Accurate inference of genetic ancestry is critical because common diseases and drug responses can be influenced by genetic factors that vary in frequency or differ altogether among populations. Frequently, clinicians and researchers use popular notions of race to make inferences about a child's genetic ancestry and predict whether he or she carries specific risk factors that influence health. The extent to which race is useful for making such predictions depends on how well race corresponds with genetic inferences of ancestry and whether ancestry is predictive of genotypes associated with risk.
Recent studies of human population genetic variation show that while race captures some information about genetic ancestry, particularly in US populations, it often fails to account for admixture and population structure. Ancestry is more accurately inferred by geographical origin or, better yet, explicit genetic data. This is an important result because the genetic variants predicted to underlie common disease are often not common across populations with different ancestry or differ significantly in frequency among such populations.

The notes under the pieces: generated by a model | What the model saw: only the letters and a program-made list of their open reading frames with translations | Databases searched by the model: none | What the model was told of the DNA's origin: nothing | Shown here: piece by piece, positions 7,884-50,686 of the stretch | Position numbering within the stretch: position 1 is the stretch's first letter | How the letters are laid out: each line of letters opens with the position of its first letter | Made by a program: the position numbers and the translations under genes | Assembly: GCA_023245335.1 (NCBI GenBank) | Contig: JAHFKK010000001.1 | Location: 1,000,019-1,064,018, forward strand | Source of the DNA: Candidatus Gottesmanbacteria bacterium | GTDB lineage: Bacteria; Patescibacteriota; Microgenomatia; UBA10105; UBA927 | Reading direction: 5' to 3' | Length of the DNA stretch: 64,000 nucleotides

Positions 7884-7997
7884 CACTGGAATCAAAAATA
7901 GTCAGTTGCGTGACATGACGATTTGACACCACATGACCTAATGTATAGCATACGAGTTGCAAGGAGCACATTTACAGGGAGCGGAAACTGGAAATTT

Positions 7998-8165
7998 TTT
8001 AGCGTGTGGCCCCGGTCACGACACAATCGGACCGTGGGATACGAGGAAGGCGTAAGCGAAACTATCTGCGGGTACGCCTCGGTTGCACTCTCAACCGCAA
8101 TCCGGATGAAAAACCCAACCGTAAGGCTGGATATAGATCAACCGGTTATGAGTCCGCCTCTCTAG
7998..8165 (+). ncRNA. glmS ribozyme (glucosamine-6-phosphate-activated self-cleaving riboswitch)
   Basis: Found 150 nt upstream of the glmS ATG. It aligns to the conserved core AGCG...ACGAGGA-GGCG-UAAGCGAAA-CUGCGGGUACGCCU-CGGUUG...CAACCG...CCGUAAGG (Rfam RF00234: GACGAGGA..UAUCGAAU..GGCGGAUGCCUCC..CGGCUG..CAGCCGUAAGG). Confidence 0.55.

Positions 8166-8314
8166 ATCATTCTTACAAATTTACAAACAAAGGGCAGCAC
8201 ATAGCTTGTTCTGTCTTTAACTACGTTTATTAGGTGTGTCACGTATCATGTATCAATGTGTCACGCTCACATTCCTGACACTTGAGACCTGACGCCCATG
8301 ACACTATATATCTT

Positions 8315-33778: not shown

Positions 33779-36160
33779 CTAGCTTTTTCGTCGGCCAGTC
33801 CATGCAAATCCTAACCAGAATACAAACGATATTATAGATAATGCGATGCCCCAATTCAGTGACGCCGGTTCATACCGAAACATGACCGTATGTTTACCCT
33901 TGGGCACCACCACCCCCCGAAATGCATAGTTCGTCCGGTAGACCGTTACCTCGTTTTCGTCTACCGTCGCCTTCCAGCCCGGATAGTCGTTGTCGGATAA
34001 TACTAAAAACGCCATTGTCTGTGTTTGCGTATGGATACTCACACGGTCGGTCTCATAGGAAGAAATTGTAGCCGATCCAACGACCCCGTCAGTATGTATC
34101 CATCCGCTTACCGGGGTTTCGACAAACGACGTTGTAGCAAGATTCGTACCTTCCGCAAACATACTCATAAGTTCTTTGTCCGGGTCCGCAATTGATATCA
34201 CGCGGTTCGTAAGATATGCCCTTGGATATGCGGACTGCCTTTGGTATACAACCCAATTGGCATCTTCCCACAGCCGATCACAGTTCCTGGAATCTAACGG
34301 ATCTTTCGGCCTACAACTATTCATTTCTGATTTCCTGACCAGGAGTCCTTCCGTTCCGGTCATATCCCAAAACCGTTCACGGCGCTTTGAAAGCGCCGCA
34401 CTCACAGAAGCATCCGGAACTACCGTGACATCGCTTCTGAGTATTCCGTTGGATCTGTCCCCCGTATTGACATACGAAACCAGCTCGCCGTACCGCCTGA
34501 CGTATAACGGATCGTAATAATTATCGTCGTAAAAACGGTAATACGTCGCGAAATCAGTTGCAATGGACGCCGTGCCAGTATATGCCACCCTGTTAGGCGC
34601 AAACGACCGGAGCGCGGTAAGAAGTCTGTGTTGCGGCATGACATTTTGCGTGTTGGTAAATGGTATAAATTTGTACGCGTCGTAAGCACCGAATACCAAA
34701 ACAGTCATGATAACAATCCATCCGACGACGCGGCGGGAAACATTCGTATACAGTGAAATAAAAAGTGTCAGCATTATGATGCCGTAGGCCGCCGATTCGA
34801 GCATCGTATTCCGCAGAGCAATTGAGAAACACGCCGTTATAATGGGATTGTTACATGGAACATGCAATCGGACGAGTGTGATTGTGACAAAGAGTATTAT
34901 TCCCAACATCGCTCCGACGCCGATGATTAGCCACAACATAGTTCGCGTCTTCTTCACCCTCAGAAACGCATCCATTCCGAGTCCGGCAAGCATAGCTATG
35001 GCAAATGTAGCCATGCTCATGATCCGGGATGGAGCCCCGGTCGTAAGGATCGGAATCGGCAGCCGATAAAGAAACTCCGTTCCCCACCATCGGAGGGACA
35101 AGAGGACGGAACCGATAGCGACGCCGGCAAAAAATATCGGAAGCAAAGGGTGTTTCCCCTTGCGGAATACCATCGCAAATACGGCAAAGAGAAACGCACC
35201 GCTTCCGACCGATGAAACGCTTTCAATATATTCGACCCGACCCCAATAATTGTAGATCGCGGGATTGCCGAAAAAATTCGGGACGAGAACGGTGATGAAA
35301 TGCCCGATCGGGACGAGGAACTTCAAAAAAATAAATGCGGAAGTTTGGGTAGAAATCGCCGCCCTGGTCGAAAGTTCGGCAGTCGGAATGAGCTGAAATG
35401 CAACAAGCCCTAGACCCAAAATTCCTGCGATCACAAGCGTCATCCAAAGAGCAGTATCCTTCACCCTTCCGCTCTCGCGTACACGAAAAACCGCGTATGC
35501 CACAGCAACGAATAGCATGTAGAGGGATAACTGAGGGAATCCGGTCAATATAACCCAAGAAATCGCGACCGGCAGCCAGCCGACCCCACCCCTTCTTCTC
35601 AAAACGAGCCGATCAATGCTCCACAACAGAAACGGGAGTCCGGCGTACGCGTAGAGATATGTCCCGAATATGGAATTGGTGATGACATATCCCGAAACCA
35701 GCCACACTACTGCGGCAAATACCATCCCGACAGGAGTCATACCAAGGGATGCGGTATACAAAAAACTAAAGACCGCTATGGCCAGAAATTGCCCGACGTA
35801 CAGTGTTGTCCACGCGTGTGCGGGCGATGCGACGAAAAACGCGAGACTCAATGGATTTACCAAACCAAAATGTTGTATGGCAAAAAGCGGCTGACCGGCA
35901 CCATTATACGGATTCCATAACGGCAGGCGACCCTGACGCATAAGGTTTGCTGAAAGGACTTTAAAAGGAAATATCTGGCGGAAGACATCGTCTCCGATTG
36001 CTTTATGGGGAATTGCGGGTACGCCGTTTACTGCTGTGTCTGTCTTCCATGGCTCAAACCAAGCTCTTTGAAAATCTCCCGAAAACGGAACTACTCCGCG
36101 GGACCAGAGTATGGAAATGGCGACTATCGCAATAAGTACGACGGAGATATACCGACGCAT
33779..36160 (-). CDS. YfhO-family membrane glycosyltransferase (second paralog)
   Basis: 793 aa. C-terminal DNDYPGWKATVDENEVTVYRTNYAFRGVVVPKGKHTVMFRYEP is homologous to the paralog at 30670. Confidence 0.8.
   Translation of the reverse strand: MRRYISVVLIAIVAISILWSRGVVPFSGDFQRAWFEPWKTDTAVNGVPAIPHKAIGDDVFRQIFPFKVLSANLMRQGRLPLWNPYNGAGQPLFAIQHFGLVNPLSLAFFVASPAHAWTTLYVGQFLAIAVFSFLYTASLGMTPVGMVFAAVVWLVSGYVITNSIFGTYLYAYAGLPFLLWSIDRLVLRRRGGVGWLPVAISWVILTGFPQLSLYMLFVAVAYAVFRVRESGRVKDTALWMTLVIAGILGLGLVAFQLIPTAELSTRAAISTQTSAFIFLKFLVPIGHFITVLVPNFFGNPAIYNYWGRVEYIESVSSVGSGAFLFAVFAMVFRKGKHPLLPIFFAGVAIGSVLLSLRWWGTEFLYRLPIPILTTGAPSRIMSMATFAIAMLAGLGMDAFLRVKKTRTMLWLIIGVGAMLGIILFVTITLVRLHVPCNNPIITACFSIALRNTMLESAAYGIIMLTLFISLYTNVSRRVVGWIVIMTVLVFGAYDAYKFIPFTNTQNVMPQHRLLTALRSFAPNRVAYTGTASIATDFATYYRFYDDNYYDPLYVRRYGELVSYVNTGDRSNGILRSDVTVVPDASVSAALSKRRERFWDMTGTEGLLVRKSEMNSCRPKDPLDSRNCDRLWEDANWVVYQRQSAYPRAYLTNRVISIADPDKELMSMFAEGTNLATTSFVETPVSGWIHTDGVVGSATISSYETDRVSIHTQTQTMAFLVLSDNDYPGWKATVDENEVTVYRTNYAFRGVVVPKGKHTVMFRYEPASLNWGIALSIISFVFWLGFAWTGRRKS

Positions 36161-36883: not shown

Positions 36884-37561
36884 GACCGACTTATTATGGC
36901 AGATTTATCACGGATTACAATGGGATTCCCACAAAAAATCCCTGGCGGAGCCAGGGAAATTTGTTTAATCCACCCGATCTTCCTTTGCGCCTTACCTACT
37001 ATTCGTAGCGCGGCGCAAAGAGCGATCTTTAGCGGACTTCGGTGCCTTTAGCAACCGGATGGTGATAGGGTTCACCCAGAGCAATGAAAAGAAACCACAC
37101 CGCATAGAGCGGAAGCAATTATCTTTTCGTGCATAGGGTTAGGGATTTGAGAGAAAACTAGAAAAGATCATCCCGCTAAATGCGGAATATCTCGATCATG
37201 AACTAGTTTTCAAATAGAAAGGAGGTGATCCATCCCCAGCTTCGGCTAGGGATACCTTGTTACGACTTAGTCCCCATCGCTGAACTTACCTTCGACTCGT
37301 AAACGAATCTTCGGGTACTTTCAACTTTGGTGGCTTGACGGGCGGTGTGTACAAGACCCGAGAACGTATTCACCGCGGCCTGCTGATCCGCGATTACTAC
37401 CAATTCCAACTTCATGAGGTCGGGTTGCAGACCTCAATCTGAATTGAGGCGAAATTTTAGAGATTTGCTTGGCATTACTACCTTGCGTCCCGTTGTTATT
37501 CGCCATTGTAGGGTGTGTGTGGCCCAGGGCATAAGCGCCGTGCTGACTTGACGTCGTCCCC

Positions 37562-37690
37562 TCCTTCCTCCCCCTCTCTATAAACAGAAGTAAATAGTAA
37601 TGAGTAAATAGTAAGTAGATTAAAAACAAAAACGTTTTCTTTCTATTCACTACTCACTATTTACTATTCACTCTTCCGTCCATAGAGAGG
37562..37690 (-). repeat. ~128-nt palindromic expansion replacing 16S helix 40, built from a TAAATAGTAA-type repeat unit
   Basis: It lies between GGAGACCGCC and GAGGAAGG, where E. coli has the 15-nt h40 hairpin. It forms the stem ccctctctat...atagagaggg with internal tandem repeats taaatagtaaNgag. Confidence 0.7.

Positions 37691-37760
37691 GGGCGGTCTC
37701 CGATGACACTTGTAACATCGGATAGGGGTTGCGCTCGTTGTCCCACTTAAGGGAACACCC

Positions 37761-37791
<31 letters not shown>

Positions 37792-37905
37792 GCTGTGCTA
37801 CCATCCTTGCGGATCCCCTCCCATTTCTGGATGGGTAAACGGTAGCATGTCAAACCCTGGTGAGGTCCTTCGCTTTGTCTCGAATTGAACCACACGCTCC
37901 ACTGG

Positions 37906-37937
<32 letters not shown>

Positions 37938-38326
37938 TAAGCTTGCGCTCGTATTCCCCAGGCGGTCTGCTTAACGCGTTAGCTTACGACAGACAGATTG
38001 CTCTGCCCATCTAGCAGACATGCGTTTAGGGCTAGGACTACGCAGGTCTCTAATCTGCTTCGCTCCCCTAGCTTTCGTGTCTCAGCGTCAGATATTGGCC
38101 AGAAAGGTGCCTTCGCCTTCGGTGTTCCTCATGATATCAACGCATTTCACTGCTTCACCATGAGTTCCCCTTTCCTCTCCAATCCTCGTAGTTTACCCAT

Geographical origin and explicit genetic data are more accurate predictors of ancestry than race. Using such alternatives is an important step toward identifying genetic risk variants for common pediatric diseases and personalizing disease prevention and intervention strategies.
aDepartments of Pediatrics and Genome Sciences, University of Washington and Children's Hospital and Regional Medical Center, Seattle, Washington, USA
bDepartment of Pediatrics, University of Utah, Salt Lake City, Utah, USA
Correspondence to Michael Bamshad, MD, Department of Pediatrics, Division of Genetics and Developmental Medicine, University of Washington School of Medicine, Box 356320, 1959 NE Pacific Street, HSB RR349, Seattle, WA 98195, USA Tel: +206 221 4131; fax: +206 221 3795; e-mail: firstname.lastname@example.org